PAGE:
• May enter into association with other universities, or other institutions of learning, whether within Kenya or otherwise, as the Council may deem necessary and appropriate.
  • May, after consultation with the Senate, make regulations governing the conduct and discipline of the students of the University.
  • All documents, other than those required by law to be under seal, made on behalf of the Council and all decisions of the Council, may be signed under the hand of the Chairman, the Vice-Chancellor, the University Secretary, the Registrar or any other member of the Council generally or specially authorized by the Council in that behalf.



1 Parental role of supporting CBC in the context of COVID 19. The role of parents has been catalyzed and transformed by COVID 19. Opinion pieces may focus on parental education needs, authority, required support systems to support learning process parent teacher collaboration etc.

Early Years education (EYE) (ECE; also nursery education) is a branch of education that relates to the teaching of children (formally and informally) . It is as an important period in a child's development. Opinion pieces to highlight on types of caregiving of this group of learners in the advent of COVID 19 and CBC demands, what parents need to know to support the holistic development of the child’s personality while away from school..


Transition at different levels has been disrupted, what are the different scenarios that should be expected after COVID 19? What are the implication for schooling? Will there be an influx at any of the levels? Who will be in Form 1 in 2021, for example? Who will join university in 2021? Implications of a gap year created by COVID 19 on the whole education system from curriculum development, curriculum implementation, curriculum assessment etc.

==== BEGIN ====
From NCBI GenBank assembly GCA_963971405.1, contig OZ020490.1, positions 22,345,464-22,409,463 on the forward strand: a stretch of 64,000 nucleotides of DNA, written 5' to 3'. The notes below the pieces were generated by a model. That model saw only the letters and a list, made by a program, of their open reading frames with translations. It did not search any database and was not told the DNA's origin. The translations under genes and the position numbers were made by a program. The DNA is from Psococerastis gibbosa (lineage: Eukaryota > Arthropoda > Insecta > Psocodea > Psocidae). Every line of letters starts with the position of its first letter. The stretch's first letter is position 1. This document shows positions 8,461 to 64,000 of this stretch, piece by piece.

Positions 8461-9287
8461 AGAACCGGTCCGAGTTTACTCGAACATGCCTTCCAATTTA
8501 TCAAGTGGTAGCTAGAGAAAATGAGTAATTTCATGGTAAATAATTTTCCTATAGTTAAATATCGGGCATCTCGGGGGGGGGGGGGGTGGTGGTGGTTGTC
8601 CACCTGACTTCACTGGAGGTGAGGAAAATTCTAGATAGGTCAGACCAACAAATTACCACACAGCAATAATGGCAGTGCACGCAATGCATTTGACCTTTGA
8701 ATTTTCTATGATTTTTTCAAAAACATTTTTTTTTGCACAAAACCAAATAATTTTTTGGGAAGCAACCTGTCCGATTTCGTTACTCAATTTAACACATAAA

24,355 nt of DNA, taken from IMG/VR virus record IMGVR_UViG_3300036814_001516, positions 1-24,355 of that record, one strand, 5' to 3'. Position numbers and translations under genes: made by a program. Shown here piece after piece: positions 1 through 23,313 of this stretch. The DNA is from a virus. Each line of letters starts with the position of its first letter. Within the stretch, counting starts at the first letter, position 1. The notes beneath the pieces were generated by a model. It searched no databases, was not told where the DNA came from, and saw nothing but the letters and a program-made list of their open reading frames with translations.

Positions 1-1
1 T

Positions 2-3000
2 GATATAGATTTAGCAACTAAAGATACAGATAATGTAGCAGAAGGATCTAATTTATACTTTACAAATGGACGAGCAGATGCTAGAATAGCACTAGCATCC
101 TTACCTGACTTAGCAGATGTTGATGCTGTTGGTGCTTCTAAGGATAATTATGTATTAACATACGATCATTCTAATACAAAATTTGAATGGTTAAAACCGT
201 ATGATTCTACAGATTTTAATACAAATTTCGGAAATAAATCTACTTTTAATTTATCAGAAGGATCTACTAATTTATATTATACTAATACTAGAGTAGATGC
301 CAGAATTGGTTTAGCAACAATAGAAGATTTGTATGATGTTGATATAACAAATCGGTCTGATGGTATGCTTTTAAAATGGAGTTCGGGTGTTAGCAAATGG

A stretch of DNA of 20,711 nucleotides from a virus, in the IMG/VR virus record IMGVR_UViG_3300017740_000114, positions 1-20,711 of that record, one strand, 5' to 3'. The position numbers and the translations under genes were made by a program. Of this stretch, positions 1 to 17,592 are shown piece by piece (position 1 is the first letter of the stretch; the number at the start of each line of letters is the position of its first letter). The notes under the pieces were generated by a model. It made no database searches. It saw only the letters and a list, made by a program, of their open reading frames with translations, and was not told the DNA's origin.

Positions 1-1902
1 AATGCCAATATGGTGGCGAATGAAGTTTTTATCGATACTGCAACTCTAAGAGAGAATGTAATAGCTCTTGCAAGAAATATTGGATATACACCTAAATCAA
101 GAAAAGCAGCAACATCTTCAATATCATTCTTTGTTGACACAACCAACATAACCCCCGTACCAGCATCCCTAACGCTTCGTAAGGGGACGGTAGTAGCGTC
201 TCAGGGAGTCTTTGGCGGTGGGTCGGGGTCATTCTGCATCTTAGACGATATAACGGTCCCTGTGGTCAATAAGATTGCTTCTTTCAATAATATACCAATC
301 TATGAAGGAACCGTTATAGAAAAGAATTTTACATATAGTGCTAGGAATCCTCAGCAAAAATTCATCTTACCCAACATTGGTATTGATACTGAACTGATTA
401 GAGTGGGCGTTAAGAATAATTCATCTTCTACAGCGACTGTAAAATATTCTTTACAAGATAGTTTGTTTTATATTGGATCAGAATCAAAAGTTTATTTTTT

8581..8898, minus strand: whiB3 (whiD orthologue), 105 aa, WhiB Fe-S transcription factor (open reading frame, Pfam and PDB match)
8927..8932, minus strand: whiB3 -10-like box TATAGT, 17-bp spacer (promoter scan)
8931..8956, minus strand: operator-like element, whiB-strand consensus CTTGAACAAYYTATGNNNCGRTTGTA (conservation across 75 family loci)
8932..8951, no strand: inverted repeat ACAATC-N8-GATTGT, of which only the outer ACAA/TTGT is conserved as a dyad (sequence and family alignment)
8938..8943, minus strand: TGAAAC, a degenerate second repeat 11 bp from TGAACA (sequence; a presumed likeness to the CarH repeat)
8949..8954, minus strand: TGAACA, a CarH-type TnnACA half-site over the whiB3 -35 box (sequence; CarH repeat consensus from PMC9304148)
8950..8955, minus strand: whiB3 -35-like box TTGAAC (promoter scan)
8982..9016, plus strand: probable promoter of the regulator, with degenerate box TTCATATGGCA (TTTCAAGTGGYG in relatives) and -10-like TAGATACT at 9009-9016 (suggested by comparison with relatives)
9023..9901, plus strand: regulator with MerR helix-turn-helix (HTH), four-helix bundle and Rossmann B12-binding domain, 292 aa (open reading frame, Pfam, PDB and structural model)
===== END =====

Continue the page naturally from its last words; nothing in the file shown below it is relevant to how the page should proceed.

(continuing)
2. Resources (Physical and Human): This theme intends to attract pieces that may address a specific or a combination of resources to include mitigation of resultant challenges of CBC implementation process brought on by COVID 19. Readiness of resource availability for reopening of schooling. Planning for resources that should be considered to support safe - return to school.   Mobilization strategies for essential resources, financing, use of existing community resource centers such as TAC- centers, community libraries, how to manage the teacher/ student ratio viz a viz class smaller class sizes now enhanced by COVID 19. What alternative resources exist and how CBC roll out process make use of them?

3. Reopening of schools CBC and COVID 19. A possible spread out of opening of school is likely to occur, opinion on the most strategic process that focuses on learning process or examination completion is a good starting point. What are the tradeoffs for giving examination classes priority over the EYE for the return to school calendar? Which is the most deserving group and why? Who needs to quickly return to class? What is the implication for CBC rollout? What precautions should be considered to avoid losing the gains already made with CBC rollout? How can the CBC implementation process be sustained?